++ I also happen to like very much the artwork for the single. What’s the story behind that?
Simon: Jan (Spidey, the photographer) took a great picture of my 1963 Humber Super Snipe on a cold winter morning. We thought it somehow captured the spirit of the theme of lost love that is at the heart of Madam. The picture on the sleeve for Nasty Things was found in an auction lot and, having now searched the internet, I believe it was from a set of sketches by Polish artist and Dachau concentration camp survivor Jerzy Zielezinski. I had a load of art studio stuff set up at the time and I designed and created the artwork for the sleeve.
++ And how come you didn’t get to release more records? I ask because, clearly you had many more songs!
Simon: We released the single as a sort of banner and I guess we could have got some more songs out there but we were concentrating on trying to land a major sponsor, so it was somehow low on the agenda.
++ Do tell about these other songs. How many songs did you actually record? And in general, which would you say is your favourite Beware the Dog song and why?
Simon: We recorded (live) a bunch of songs at rehearsals and did indeed record a few more tracks at The Padded Cell, which included Heartbreak and Waste of Space [http://www.youtube.com/watch?v=n2Y-CVnxxiw]. Waste of Space is my personal favourite because I got to say what lots of people had in their minds and I like to think I gave it a catchy, simple and light-hearted tune.
++ Let’s talk about gigs, did you play live often? Which was the farthest you ever went to play a gig?
Leechie: We didn’t play much beyond London. We spent a lot of energy doing as much ground work as possible to promote the gigs – we even recorded an ad for our first gig that we put out on Capital Radio, which was a hoot! In those days you had to go around the local area at night with a bucket of paste and an arm full of posters sticking them up everywhere local to the gig. No Facebook in those days.
++ And which would you say were your favourite gigs? Any anecdotes you could share?
Simon: It was brilliant playing live because, as a three-piece, we could basically do whatever we felt like. We jammed through extended versions of the songs a lot of the time and improvisation was easy because it was just up to me and Leechie staying in the same key and Jan nailing it all down. I think, for me, our run of slots at the Rock Garden in Covent Garden was the best.
One time, I broke a string early on in the set. I finished the verse, scurried off to the side and, within a few moments, I had the new string in place – albeit a few tones low. I sang another verse with the volume down, at the same time tensioning the new string. As we approached the chorus, I added an impromptu few bars and hit the volume in order to get the string in tune. Just on cue, we made the chorus as the string climbed up the scale and (although I say so myself) it sounded awesome! Things like that really hit home with an audience and the write-up in the paper was all about ‘the string change mid-song’. Professionalism is indeed key!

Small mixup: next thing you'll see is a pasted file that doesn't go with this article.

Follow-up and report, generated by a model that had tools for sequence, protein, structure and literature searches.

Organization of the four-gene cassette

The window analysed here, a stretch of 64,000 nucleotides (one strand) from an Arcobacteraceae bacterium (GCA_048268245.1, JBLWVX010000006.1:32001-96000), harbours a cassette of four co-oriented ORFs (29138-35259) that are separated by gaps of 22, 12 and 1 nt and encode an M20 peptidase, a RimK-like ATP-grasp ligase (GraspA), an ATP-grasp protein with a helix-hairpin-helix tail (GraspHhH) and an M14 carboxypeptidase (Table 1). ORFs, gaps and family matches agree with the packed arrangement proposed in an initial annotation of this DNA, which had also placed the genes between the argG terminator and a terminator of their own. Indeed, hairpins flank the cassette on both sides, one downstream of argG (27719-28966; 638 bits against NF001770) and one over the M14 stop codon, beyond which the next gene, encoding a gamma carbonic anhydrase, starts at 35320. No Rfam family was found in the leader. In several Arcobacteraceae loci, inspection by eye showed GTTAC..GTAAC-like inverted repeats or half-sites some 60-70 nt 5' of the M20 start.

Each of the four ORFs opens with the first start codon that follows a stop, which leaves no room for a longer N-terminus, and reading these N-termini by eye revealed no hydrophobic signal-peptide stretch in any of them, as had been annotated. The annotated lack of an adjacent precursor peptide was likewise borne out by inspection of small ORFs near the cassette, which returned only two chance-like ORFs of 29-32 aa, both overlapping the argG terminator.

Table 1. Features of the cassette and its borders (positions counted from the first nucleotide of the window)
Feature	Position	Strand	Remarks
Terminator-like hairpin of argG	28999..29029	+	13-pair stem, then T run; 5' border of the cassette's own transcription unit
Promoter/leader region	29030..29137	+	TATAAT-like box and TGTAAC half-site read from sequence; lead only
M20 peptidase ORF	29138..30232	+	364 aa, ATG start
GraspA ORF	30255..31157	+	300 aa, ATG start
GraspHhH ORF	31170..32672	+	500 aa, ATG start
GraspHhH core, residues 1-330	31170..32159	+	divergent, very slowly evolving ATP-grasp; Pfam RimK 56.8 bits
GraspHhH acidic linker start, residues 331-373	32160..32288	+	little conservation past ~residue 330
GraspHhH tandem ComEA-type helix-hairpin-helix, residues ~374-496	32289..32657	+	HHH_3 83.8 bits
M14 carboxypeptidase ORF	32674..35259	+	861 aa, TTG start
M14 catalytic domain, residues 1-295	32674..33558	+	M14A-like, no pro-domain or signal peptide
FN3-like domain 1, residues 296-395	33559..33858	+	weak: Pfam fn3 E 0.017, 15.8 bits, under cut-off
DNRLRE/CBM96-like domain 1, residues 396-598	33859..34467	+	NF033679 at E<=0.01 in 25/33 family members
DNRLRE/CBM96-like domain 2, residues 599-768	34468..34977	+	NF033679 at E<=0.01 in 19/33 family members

++ The single was released in 1987. One year after the influential C86 tape. I was wondering, did you ever feel part of a scene at that time?
Leechie: Not really. I liked a lot of the bands: MCARTHY, Bodines, Wolfhounds, but sadly we just missed the crest of that particular wave and really we were a little different from the scene.
++ And so then what happened? When and why did you split? What did you guys do after?
Simon: We were gigging a lot around the time when the ‘Acid’ scene was just about to kick-off. I managed to land us a gem of a slot at a nightclub called La Val Bonne to coincide with one of the very first events given over to the new craze. It took a lot of effort to convince the Night Club Manager that this was going to be a big movement and he eventually agreed for us to headline on the second night. This was a really flash club at the time and for the first time in its history they were going to allow people in wearing ‘T’ shirts! It sounds daft now but back then this was a massive shift.
The plan was to play a totally dynamic set with no songs as such – but snippets of lyrics, monster grooves and blazing chords (the place had a fabulous sound system). However, as it turned out, Jan had booked a holiday; I asked him to cancel it because this was such an important opportunity but he said no. Leechie refused to do the gig with a session drummer, I got upset… end of story.
Jan: What we were about to do was a massive deal, there weren’t bands doing the whole mash up acid/club thing, it was being done live by DJs but not by live bands! It was a serious undertaking to do it properly in a named high profile club (no pressure) and there was not the time scale to prepare for it. My mantra, if it’s worth doing… Sadly, that was the beginning of the end.
Leechie: I liked the Acid scene, but sadly doing a gig without Jan at the time was unthinkable as we were all good mates in it together. My loyalty upset some people. It’s a shame that we don’t have recordings of some of the more Acid BTD ‘cos that was an interesting progression.
++ And what about today? What do you do? Any other hobbies aside of music?
Simon: I am an engineer and spend far too much time behind a desk. I am in the early stages of writing a musical. I love snow-skiing and hitting tennis balls.
Leechie: I’m still making music – currently as a member of both The Transients and The Leopolds and I have a few other projects on the go. Last year I had an old demo released as an album by the Onlookers ‘Blue and green and tangerine’ [http://www.boredteenagers.co.uk/ONLOOKERS.htm]. Day job as a sparky. Not much work about at the moment though.
Jan: By day I’m a househusband. By night I’m playing drums with Hubba Bubba a disco\pop covers band and have recently completed an album with my old buddies from I Can Crawl which is proving to be awesome! I still do photography, albeit part time [http://janwilgaphotos.com/].
++ Let’s wrap it here. If you look back in time, what would you say was the biggest highlight of Beware the Dog?
Jan: Playing exciting, fresh music with a great bunch of guys. A great ride. Happy days.
Leechie: I agree with you there, Jan. It was a fast ride and great fun! Cheers guys!
Simon: For me, breaking a string at The Rock Garden!
++ Thanks so much again, anything else you’d like to add?
Simon: You too, Roque; good times!
Leechie: Yes, cheers Roque for showing an interest and looking back. It was fun.